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Halloween is a wonderful day for kids to binge on all that candy and for people to get creative, put on make-up, and dress bizarrely. Symbols like black cats, witches, and pumpkins are everywhere during the season. But what are the true origins of these symbols used during Halloween?

The ancient Celtic Pagans celebrated a harvest festival known as Samhain on 1st November. Samhain was the day that marked the beginning of winter and the end of the harvest season. During the 9th century, Christianity spread throughout the Celtic lands. In 1000 A.D., the Church attempted to replace the pagan festival by celebrating All Saints Day on 2nd November. All Saints Day was also known as All-Hallowmas. All-Hallows Eve, the day before All Saints Day was purposefully made to coincide with Samhain. All Hallows Eve soon became Halloween.

Halloween reached the shores of New England in America. The Puritans condemned anything that was supernatural in nature and demonized the pagan festivals. Witches, or healers, were outcasts from society. Halloween began to be associated with the devil. During the 1920s Halloween became a secular festival in America that focused on community gatherings and friendliness between peoples. Read on to find out the true meanings of the symbols used during Halloween.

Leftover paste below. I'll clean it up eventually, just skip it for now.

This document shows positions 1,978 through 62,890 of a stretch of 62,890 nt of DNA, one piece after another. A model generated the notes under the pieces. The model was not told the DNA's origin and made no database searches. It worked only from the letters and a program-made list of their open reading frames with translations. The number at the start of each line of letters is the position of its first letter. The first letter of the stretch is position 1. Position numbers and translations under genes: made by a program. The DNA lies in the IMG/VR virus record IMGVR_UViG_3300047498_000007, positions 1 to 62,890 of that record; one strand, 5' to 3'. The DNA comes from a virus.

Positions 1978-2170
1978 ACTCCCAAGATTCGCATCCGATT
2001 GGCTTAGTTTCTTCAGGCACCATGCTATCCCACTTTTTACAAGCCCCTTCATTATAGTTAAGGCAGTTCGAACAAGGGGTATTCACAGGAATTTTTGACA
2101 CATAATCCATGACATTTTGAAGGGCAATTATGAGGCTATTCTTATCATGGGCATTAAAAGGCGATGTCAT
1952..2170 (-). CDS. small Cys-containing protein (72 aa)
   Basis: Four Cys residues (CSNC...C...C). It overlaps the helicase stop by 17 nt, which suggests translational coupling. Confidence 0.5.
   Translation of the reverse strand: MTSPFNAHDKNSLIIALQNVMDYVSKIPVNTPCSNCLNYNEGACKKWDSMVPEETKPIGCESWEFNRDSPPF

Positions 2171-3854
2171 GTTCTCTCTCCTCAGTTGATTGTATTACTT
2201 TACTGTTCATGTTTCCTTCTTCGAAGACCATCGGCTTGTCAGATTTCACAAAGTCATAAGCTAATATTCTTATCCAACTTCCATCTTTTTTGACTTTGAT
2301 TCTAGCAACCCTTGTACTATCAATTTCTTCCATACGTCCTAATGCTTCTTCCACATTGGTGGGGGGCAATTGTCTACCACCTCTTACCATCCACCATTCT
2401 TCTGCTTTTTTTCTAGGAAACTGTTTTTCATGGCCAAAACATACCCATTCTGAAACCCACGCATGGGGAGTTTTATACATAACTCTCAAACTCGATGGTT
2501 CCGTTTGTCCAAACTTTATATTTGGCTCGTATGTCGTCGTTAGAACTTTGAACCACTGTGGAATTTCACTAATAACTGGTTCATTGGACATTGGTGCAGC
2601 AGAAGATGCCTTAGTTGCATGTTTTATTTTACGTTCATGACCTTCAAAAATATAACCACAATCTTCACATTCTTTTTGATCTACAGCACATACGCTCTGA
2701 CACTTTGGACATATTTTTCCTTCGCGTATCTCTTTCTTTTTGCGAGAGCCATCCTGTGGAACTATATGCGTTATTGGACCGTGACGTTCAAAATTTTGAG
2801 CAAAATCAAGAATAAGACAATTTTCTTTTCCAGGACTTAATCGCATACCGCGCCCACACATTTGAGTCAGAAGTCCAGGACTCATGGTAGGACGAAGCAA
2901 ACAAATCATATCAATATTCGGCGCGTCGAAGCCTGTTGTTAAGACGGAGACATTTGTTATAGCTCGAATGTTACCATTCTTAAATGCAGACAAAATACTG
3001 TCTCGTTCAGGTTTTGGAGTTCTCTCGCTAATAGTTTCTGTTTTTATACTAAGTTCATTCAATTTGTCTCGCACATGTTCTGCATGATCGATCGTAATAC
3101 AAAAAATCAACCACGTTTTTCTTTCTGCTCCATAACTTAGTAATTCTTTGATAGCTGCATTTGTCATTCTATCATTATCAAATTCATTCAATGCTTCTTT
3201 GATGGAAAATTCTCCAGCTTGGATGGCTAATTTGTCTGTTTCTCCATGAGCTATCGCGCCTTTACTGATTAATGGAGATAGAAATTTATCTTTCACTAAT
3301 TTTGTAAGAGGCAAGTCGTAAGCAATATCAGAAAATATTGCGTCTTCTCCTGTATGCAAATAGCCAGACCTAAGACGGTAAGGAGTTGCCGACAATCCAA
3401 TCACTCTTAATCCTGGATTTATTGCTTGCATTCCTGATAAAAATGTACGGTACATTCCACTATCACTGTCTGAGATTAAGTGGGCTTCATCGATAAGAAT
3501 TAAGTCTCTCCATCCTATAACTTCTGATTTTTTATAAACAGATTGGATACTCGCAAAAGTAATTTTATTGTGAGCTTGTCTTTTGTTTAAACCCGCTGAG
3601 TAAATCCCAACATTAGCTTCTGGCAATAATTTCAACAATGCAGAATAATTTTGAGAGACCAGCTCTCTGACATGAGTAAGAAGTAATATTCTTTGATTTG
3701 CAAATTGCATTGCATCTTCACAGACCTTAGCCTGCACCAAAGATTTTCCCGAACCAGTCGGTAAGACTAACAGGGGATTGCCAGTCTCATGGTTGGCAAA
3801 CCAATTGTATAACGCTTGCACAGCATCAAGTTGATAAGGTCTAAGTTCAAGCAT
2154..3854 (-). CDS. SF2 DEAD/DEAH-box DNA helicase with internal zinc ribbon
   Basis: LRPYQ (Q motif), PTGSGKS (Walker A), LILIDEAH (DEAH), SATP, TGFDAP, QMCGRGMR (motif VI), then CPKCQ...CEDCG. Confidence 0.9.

1.      Witches.

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Before the spread of Christianity and pagan festivals into Christian festivals, Samhain was a day celebrated as the end of summer. This was a day when the veil between the spiritual realm and the earthly realm became thin.

Ancient Celts used the thinning of the veil to talk to their ancestors, do divination, pray, and meditate. Healers, or witches, believed their magic would be extra strong on such a night. The Church did not like the idea of people doing magic. People demonized and condemned pagan witches and healers. Society executed some of them and the others fled from persecution by the Church.

This has led to the popular belief that witches are out to hurt and curse people. In actuality, witches are people who practiced the art of magic, meditation, and prayer. Even today, people who self-identify as witches celebrate rituals and honor the end of the ‘light’ part of Samhain’s year.

2. Costumes.

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Halloween is a day when people spend a lot of time doing scary make-up looks. They sometimes get creative and design their own costumes. But what does the symbol of wearing costumes mean?

On the night of Samhain, the pagans believe that it is easier to contact spirits. There might be spirits that you don’t want to treat. So they dressed up to trick the spirits away from them.

During the Middle Ages in Britain and Ireland, poor children would go door to door on the night of All Hallows-Eve. They would collect money and promise to pray for the dead souls in return. This practice was known as “souling”. Souling and the practice of dressing up in costumes eventually combined and gave rise to the practice of wearing scary costumes and trick-or-treating.

3. Jack O’lanterns.